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UKGBC welcomes Raynsford Review calls for legal clarity on sustainability

Environmental pressure group says a major report from an independent charity highlights the vital need to reform how sustainability is defined in the planning of buildings and infrastructure

The UK Green Building Council has welcomed recommendations within the final Raynsford Review to ensure that sustainable development is a clearly defined legal duty within the planning of homes and other buildings.

Efforts to ensure sustainable developments and buildings are at the heart of English town planning is one of the main conclusions of the review, which was launched to consider the role of current regulation and standards in ensuring higher quality buildings.

The findings, which were commissioned by the Town and Country Planning Association (TCPA) charity and drawn up by a team Chaired by former Labour MP and government minister Nick Raynsford, set out to look at how planning in England can be reformed to improve outcomes in areas such as housing.

Sustainability and environmental concerns were among some the core focuses of the report, which has concluded that deregulation of planning, especially in the conversion of commercial buildings to residential properties, had led to a lack of safeguards around meeting required standards.

UKGBC director of policy and places John Alker said the full conclusions of the review had focused on a pressing need to reconsider housing standards and design with an eye on environmental considerations that can be supported under a new Building Code.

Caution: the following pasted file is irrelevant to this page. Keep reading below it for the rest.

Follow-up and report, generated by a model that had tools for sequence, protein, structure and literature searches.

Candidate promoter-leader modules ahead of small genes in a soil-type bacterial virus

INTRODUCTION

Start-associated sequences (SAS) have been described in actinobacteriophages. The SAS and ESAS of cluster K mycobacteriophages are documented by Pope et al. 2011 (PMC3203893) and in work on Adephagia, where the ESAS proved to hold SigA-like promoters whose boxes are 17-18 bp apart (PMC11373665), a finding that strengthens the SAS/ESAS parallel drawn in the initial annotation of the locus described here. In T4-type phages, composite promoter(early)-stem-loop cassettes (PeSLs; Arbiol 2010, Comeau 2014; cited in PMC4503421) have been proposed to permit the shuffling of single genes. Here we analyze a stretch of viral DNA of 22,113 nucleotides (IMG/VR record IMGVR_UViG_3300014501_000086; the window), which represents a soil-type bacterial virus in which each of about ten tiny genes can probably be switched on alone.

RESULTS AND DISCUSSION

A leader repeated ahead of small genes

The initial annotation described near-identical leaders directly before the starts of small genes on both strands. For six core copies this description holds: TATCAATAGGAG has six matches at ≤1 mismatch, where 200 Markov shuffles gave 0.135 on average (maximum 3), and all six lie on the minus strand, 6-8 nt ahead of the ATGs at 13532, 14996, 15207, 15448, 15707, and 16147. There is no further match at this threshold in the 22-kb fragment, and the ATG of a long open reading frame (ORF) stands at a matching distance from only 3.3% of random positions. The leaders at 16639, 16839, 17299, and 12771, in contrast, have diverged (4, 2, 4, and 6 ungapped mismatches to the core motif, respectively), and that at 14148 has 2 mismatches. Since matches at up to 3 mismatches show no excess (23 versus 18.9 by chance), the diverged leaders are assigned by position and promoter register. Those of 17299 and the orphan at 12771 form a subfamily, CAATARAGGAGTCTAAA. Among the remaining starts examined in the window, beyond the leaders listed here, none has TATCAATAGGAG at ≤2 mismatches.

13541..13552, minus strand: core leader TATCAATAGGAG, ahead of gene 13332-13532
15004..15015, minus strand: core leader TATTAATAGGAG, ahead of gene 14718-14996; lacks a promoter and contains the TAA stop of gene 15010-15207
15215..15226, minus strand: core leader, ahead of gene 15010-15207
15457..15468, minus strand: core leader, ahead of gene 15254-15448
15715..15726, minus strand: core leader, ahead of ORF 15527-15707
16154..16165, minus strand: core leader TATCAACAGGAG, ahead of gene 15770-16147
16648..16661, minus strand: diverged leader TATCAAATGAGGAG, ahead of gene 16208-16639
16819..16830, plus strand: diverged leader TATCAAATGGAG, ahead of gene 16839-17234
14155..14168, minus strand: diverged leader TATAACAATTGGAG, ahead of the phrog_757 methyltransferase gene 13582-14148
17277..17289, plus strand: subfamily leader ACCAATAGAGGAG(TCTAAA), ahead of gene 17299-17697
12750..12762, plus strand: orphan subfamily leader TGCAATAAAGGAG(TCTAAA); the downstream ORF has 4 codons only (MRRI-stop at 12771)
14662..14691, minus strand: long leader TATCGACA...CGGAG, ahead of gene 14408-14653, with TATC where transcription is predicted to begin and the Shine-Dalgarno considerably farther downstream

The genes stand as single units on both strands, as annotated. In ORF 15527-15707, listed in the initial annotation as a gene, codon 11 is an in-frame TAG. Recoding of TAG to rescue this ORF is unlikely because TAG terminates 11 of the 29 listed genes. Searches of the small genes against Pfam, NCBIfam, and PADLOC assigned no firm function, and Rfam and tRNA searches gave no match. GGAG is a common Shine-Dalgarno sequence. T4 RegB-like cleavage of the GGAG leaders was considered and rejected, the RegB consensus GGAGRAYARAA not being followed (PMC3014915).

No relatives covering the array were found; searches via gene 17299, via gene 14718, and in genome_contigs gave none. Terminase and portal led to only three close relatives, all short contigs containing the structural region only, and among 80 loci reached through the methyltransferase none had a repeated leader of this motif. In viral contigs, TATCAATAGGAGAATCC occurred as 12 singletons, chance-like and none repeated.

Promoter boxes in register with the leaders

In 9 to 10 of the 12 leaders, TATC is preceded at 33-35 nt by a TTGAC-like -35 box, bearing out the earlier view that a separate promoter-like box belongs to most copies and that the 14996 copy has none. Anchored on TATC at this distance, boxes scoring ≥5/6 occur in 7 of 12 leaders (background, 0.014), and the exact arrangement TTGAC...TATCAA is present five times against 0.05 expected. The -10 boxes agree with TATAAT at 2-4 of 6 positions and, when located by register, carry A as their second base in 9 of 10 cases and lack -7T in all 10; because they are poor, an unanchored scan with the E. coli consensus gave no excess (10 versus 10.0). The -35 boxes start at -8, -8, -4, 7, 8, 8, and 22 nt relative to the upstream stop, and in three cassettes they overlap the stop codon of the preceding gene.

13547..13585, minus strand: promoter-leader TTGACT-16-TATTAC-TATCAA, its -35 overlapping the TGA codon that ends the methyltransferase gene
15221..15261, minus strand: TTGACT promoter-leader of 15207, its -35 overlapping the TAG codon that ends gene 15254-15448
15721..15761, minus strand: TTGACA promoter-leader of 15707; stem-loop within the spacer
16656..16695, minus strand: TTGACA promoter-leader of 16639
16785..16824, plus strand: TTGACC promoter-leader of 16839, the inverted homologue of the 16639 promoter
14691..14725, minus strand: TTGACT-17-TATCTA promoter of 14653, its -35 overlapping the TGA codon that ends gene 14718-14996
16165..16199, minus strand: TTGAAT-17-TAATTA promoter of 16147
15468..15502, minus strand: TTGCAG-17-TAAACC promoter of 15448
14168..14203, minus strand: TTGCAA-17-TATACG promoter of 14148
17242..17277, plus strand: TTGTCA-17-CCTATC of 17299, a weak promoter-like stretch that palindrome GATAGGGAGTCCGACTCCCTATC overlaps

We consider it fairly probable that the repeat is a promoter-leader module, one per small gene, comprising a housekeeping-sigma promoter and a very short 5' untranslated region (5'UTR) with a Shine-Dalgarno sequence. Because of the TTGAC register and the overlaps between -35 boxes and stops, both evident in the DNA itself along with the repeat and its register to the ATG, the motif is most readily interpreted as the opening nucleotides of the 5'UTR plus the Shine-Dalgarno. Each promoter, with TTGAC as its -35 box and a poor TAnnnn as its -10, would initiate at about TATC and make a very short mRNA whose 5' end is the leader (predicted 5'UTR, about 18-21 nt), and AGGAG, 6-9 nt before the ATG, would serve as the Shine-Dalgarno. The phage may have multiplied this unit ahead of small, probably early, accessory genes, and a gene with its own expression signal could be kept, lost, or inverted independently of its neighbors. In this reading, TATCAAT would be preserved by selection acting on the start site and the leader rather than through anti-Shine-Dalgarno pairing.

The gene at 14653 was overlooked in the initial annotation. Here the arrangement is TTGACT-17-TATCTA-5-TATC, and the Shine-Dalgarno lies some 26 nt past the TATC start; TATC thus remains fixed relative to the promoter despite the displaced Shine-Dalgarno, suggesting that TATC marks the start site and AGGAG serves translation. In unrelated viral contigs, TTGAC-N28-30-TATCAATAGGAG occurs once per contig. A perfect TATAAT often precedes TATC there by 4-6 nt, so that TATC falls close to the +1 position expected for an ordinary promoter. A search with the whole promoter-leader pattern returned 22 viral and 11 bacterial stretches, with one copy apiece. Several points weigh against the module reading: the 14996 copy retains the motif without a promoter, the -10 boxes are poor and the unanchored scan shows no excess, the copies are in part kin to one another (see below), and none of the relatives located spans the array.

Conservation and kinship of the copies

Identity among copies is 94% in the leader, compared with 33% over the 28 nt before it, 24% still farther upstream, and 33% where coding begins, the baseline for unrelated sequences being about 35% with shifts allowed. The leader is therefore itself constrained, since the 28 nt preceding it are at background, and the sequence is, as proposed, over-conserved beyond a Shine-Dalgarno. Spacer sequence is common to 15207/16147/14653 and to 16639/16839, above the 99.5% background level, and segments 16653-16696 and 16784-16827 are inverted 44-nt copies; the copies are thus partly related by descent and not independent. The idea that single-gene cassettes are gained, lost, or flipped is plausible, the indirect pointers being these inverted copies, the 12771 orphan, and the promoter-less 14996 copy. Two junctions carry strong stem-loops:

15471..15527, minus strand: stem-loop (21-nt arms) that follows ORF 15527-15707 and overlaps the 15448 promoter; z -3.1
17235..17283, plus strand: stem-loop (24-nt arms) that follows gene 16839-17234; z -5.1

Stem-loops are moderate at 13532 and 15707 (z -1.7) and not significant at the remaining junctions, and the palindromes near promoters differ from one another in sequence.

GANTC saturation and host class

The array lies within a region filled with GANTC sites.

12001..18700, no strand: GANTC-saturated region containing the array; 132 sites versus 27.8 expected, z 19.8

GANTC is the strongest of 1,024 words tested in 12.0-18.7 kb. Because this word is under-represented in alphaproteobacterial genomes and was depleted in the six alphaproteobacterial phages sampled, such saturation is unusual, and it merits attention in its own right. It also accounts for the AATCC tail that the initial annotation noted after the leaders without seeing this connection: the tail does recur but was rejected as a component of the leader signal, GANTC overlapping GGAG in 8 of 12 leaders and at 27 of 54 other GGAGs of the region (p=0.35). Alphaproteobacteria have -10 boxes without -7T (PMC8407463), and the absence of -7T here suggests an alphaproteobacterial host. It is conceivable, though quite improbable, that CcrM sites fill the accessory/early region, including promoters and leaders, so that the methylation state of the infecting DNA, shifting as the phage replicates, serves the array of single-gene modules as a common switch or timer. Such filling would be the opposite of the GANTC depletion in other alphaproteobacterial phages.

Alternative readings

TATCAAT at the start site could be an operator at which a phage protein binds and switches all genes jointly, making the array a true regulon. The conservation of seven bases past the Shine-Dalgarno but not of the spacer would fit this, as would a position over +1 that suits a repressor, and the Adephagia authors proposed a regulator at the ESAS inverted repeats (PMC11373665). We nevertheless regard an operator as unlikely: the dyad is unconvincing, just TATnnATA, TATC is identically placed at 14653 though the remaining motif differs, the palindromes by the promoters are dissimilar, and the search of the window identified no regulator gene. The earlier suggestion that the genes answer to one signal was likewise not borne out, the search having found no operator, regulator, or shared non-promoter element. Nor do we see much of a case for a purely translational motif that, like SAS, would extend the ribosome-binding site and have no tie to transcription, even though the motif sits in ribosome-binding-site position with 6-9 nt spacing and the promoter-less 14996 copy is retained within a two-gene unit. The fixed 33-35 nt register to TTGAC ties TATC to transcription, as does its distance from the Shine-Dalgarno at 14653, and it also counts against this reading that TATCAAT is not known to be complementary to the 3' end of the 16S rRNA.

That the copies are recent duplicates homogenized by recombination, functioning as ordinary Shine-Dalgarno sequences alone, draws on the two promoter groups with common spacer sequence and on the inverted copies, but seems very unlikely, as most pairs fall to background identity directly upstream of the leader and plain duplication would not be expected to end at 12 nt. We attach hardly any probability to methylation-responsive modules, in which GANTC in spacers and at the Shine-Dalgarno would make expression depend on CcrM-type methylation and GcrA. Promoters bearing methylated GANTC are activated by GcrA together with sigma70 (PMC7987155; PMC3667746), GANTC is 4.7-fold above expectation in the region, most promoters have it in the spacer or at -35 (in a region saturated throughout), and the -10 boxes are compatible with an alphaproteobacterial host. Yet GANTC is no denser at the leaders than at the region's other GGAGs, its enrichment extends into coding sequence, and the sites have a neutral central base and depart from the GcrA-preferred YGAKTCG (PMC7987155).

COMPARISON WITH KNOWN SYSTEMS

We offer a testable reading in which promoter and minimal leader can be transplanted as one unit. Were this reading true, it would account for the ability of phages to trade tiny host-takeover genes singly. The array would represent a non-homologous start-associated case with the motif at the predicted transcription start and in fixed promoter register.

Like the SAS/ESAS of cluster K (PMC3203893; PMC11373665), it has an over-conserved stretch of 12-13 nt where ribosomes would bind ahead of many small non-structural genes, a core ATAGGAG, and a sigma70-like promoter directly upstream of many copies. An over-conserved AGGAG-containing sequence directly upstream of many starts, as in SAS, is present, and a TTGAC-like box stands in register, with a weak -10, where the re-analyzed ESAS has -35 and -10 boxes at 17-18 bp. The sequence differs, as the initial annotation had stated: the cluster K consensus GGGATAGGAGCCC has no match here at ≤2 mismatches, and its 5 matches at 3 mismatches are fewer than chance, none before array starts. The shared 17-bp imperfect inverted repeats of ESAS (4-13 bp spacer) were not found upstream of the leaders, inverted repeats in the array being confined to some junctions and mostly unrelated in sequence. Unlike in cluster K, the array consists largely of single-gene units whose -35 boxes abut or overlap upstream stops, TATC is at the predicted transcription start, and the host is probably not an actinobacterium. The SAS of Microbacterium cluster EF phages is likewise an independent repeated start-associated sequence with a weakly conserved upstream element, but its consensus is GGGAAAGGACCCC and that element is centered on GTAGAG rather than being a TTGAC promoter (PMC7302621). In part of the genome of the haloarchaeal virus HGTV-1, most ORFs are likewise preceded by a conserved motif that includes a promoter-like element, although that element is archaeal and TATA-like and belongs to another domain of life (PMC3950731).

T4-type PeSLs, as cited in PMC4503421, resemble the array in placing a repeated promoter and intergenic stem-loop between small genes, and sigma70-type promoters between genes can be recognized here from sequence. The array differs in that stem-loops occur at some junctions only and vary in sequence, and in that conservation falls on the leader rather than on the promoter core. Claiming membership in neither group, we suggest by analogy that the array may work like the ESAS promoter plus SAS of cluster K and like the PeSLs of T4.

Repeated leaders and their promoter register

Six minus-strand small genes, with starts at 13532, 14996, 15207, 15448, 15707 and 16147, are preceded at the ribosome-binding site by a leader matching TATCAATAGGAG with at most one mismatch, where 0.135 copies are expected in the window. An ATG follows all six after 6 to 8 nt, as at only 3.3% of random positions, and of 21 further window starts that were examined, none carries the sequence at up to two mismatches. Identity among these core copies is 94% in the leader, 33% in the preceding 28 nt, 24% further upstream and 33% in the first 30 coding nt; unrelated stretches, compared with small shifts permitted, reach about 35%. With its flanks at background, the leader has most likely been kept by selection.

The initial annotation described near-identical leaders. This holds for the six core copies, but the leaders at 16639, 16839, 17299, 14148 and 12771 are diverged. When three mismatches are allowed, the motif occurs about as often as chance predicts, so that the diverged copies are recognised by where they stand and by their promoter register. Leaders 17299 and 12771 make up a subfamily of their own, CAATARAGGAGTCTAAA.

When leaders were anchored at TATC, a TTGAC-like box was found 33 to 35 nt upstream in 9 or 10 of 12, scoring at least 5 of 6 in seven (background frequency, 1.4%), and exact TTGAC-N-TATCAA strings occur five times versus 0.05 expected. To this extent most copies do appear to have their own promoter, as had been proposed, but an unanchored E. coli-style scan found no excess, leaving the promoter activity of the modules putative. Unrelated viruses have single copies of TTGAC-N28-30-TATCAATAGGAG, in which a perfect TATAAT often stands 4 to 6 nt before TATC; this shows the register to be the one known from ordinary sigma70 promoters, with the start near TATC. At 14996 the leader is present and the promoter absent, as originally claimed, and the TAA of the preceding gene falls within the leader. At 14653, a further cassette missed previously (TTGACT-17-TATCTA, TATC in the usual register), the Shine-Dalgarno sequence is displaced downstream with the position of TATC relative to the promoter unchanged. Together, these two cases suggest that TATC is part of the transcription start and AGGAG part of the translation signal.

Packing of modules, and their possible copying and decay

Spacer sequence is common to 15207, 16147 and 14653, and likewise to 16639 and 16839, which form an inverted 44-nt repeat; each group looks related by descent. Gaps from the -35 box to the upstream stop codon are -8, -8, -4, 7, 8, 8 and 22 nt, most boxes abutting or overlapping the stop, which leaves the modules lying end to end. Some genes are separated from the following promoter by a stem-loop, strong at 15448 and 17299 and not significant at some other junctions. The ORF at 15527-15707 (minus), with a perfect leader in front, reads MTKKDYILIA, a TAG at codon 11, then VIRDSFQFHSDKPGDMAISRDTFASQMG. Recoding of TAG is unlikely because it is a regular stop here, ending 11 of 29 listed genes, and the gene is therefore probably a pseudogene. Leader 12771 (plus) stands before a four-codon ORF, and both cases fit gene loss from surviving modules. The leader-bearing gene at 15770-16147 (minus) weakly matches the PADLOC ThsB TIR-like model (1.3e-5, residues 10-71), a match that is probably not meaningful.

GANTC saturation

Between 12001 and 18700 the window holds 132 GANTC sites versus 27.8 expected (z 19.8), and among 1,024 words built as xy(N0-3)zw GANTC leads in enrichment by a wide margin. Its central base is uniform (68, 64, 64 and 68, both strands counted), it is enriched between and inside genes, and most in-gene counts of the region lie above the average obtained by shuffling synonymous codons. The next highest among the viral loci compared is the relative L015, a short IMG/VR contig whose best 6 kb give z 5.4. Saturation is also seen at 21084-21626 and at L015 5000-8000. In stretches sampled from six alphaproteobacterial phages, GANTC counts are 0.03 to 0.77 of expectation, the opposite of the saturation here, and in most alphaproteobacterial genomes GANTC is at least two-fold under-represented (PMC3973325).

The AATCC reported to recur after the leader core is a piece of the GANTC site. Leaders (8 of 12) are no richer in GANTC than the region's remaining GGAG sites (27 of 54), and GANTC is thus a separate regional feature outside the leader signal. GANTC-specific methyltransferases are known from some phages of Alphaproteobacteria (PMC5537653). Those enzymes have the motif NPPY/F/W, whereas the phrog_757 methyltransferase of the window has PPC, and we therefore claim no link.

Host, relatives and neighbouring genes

He added, “The proposed Building Code could offer much-needed clarity, if the future trajectory of standards – such as net zero carbon – were set out in advance. However, minimum standards at a national level shouldn’t preclude local authorities and cities from going further, faster – providing there is consistency in the metrics used.”

Mr Alker said that UKGBC also welcomed conclusions in the review about building up the importance in the social value to society of higher quality buildings. He said the findings found there was a lack of understanding and formal accounting about these potential benefits.

He said, “The use of social value measurement is an important tool for both local government and industry, which can help drive better outcomes for people. There is an opportunity to build on the review’s recommendations through the better integration of Social Value measurement into planning requirements.”

Legal duty

The Raynsford Review considered the current legal duty for sustainable development in the planning process. It found that the government’s most recent National Planning Policy Framework (NPPF) was vague in defining sustainable development in a manner recognised in either UK or intentionally-recognised definitions.

The final report stated, “the revised NPPF does not mention the United Nations’ Sustainable Development Goals, despite these objectives being referenced in the government’s own 25 Year Environment Plan. Instead, the 2018 NPPF creates its own unique definition of sustainable development which leaves out core internationally agreed principles.”

Fresh legislation should therefore be introduced by government that ensures future planning has a legal duty to considers definable sustainable development in the management of the built environment, according to the report.

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